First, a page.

But prenatal vitamin D supplements only appeared to have these benefits when women took 2,000 International Units (IU) or less each day. This amount of vitamin D was tied to 55 per cent lower odds of an underweight baby and 65 lower chance of a baby dying in the womb or during infancy.
At higher doses, any differences between women who took vitamin D and those who didn’t were too small to rule out the possibility that they were due to chance.
Taking vitamin D during pregnancy was safe, with no extra foetal or neonatal mortality, congenital abnormality, or critical illness at birth, said senior author Dr Shu Qin Wei of the University of Montreal, Canada. And supplementation reduced infants’ risk of being small for gestational age and improved their calcium levels and growth in the first 12 months of life.
“Moreover, we found that the lower dose of vitamin D supplementation (up to 2,000 IU a day) reduced risk of foetal or neonatal mortality and infants being small for gestational age, but higher doses (more than 2,000 IU a day) did not reduce the risk of perinatal mortality and infants being small for gestational age,” Wei said by email.
Vitamin D deficiency during pregnancy is common worldwide, researchers note in JAMA Paediatrics. Vitamin D contributes to a wide range of processes during foetal development including bone growth, muscle function and healthy fat accumulation as well as heart function, neurodevelopment and immune responses, Wei said.
Beyond pregnancy, many older adults take vitamin D to promote bone health. Too much of this supplement can lead to harmful accumulation of calcium in soft tissues such as the heart and kidneys.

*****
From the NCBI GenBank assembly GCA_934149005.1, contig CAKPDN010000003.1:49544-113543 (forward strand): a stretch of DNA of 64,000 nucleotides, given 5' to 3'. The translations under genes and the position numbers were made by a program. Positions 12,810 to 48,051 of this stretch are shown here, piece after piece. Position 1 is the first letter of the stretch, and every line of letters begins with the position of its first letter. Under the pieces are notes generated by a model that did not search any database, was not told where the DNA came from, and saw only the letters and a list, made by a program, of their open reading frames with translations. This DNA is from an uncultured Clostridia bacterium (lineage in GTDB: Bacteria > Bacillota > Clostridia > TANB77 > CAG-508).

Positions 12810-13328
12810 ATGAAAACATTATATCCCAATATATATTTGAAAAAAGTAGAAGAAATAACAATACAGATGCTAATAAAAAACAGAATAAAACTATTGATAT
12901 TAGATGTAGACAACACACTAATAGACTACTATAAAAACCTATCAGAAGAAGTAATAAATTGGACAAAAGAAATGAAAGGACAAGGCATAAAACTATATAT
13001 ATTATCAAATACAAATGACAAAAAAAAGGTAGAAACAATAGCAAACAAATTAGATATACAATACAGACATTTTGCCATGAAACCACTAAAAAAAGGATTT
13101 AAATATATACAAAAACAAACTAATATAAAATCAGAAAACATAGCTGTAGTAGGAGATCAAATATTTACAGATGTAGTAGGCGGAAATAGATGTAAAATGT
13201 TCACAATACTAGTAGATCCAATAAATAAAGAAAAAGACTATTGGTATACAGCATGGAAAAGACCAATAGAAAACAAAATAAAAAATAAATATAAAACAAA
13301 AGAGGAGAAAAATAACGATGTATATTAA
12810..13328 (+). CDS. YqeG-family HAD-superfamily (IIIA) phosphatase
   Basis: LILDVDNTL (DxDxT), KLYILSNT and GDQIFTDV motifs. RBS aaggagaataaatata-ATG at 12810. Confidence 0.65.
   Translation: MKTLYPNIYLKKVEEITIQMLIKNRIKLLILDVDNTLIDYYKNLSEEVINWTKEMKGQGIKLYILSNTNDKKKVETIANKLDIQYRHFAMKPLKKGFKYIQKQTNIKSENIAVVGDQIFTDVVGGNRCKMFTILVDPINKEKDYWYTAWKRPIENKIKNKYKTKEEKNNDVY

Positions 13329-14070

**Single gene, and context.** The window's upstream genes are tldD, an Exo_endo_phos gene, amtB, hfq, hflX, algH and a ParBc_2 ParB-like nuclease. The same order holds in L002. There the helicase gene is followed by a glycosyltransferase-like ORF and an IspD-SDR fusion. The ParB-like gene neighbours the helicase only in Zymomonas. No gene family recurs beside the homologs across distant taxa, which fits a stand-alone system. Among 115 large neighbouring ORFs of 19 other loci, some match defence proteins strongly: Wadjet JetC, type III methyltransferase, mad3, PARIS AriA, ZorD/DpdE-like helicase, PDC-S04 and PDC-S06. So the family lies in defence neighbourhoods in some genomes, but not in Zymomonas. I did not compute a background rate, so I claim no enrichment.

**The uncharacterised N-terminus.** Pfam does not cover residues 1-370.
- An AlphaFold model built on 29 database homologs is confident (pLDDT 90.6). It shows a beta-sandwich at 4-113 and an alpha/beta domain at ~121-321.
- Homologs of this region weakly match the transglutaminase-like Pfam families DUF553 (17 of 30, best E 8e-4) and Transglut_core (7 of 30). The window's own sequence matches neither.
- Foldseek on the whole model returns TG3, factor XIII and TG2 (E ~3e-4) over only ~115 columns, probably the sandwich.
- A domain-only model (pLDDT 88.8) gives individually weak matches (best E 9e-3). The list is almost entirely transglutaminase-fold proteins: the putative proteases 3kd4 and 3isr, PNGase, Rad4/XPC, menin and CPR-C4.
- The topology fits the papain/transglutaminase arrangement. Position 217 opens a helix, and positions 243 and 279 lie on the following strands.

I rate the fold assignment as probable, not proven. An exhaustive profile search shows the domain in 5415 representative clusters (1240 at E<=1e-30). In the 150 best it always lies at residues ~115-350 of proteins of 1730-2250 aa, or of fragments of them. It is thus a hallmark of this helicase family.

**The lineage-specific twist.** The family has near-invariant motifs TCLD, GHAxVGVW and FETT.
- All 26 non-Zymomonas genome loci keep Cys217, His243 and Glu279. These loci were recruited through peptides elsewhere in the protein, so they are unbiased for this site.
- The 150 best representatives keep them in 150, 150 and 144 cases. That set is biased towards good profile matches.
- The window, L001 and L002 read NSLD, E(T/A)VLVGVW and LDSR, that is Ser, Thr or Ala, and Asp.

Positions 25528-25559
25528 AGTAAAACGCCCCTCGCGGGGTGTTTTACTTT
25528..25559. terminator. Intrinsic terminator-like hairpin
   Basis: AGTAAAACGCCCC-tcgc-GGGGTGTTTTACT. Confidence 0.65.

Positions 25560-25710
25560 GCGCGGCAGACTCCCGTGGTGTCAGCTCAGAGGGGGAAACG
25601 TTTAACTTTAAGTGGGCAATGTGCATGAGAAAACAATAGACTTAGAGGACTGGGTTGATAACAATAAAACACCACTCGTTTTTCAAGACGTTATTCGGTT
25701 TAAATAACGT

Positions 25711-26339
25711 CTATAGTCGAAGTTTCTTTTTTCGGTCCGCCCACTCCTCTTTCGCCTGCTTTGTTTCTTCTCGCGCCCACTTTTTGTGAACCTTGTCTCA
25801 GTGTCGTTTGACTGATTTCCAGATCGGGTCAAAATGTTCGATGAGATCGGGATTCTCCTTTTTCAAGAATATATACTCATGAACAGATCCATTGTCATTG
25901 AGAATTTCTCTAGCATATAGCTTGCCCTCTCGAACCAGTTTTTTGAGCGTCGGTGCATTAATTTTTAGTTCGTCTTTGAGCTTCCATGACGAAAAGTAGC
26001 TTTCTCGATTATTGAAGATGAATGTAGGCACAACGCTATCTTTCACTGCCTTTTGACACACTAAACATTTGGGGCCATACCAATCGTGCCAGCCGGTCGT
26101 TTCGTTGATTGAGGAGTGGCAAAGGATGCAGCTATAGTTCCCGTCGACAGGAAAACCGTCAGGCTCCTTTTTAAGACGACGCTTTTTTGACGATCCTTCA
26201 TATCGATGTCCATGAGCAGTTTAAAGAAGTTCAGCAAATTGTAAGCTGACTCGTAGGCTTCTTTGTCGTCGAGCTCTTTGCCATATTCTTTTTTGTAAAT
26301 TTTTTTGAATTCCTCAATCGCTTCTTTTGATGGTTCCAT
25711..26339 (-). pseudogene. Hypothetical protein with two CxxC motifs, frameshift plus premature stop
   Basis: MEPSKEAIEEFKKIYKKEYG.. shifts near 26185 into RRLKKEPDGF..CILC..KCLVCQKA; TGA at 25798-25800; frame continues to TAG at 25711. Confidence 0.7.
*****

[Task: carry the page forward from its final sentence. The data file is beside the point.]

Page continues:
For the current study, researchers analysed data from 24 clinical trials including a total of 5,404 participants.
They didn’t find a meaningful difference in birth defects based on whether mothers took vitamin D during pregnancy. They also didn’t find any link between prenatal vitamin D supplementation and babies’ risk of asthma.
One limitation of the study is that researchers lacked data on long-term health outcomes for mothers or babies, since the longest clinical trial in the analysis lasted only three years and many of the other trials were much shorter.
Still, the results should reassure pregnant women about the benefits of taking vitamin D, said Dr Bo Chawes, author of an accompanying editorial and a researcher at the University of Copenhagen in Denmark.
“We already knew that vitamin D supplementation prevents development of rickets, which is a bone disorder resulting in weak bones and an increased risk of fractures, but we did not know if increasing the supplement had an effect on intrauterine or postnatal growth in early childhood,” Chawes said.
“The most interesting and robust finding of the meta-analysis is that increased supplement is safe for the child and may reduce the risk of being born small for gestational age, which is associated with an increased risk of perinatal and neonatal mortality and morbidity,” Chawes added.